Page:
2018 will see a raft of new regulation that will impact the funds industry. Following last month’s piece on the Base Erosion and Profit Shifting initiative, here we take a look at the forthcoming General Data Protection Regulation.
Given the massive rise in the uses of data over the past couple of decades, the EU will in May update its 1995 data protection directive with a new General Data Protection Regulation (GDPR).
Under the complex new set of rules, asset managers who choose to oursource data management will be particularly impacted.
The regulation, which was over five years in the making, makes a distinction between ‘data controllers’ (those that own the data) and ‘data processors’ (those that don’t).
Firms that outsource the processing of data will also have to be aware of their role and responsibilities as they will have to be more vigilant about how their service providers are using and processing data.
Administrators can therefore expect to be subject to more oversight and due diligence.
One of the things that it will be necessary to do will be to determine where the liability of responsibility lies in an outsourcing relationship between fund managers and their administrators.
When third-party administration firms collect data on behalf of the fund manager, the administrator may become the data controller on the managers’ behalf, so the GDPR will also affect the administrator.
Managers will also have to consider whether they should be categorised as a data controller or a data processor, how their firm processes data, what systems they use and how that data is protected (an issue that would almost certainly arise if a firm uses cloud-based systems).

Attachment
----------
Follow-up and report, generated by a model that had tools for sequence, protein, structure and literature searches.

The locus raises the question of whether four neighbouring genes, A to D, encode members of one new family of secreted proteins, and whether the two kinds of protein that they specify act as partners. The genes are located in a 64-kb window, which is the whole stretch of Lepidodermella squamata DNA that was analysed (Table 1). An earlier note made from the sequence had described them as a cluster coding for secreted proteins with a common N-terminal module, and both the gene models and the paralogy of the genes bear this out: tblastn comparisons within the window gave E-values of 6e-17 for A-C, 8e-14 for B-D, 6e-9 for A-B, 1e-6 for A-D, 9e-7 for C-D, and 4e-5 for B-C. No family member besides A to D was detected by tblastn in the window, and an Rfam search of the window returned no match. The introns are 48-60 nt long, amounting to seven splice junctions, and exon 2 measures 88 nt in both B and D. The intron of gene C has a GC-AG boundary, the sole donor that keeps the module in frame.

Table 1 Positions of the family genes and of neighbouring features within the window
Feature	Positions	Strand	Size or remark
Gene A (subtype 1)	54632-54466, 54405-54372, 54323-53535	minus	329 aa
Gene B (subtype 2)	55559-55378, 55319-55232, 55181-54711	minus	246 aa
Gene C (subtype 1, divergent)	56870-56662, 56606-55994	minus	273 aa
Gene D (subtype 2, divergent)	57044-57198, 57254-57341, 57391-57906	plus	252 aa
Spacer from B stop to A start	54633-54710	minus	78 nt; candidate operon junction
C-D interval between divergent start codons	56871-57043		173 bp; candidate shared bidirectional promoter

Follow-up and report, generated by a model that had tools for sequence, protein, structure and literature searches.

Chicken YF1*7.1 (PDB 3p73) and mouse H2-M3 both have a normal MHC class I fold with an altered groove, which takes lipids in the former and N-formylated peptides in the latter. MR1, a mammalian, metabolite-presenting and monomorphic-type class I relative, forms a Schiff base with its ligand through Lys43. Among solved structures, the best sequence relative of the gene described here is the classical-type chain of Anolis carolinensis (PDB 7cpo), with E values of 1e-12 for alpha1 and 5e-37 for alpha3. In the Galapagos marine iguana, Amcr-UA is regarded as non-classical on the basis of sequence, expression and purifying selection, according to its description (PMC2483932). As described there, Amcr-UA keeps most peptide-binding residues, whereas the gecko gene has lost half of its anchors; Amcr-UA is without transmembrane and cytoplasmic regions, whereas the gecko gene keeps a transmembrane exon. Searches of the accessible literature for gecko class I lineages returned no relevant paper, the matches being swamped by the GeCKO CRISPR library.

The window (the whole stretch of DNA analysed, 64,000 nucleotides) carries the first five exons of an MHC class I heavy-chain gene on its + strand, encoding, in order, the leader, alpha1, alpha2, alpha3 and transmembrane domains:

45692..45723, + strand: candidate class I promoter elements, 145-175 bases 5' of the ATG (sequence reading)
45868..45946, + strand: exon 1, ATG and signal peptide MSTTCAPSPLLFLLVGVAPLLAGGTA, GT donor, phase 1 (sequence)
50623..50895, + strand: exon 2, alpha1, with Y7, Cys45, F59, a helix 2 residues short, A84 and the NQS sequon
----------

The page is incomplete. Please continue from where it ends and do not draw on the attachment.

Data that managers hold on their staff – from human resources files to employment contracts and bank records – is also covered by the directive.
With five months to go until the GDPR enters into force, the prospect of fines for non-compliance is helping to concentrate managers’ minds.
These could amount to as much as 4% of turnover or €20 million for a data breach.
People will be able to ask for a copy of all data held on them, ask for it to be deleted (the so-called “right to be forgotten and to erasure”) or ask to have data transferred to a different service.
The GDPR will also have implications for a firm’s cyber security as any fund manager who outsources data management to administrators will have to ensure that the administrators are doing what they should be doing and have sufficient controls as part of a data protection impact analysis.
In addition, administrators will have to manage any transfer of data and ensure that they can track the progress of that data at all times along with the requisite controls, as part of a detailed data flow analysis.
Supervisory authorities will have to be notified of a subject data breach within 72 hours of the breach being discovered.
Even when the exposure is not serious, companies will have to keep records internally.
Firms will also have to ensure that their systems and reporting tools are fit for purpose.
Another consideration for both managers and administrators will be the appointment of a data protection officer, if they haven’t already appointed someone to fill that position.
The requirement to appoint a data protection officer applies only to public sector firms or those that employ 250 staff or more.
Firms will also have to consider the data protection implications when data is transferred across borders, especially if it goes outside of the EU, and the need to provide constant visibility of data and the consent of the data subjects.
Firms will also have to consider the privacy notices that they send to clients about the collection of their personal data.
The GDPR has extraterritorial reach, meaning it will apply not only in the EU, but wherever the personal data of European citizens is being processed.
It comes into force on May 25, 2018 and will – despite Brexit – apply in the UK until 2019 at least, along with the remaining 27 EU member states.
©2018 funds europe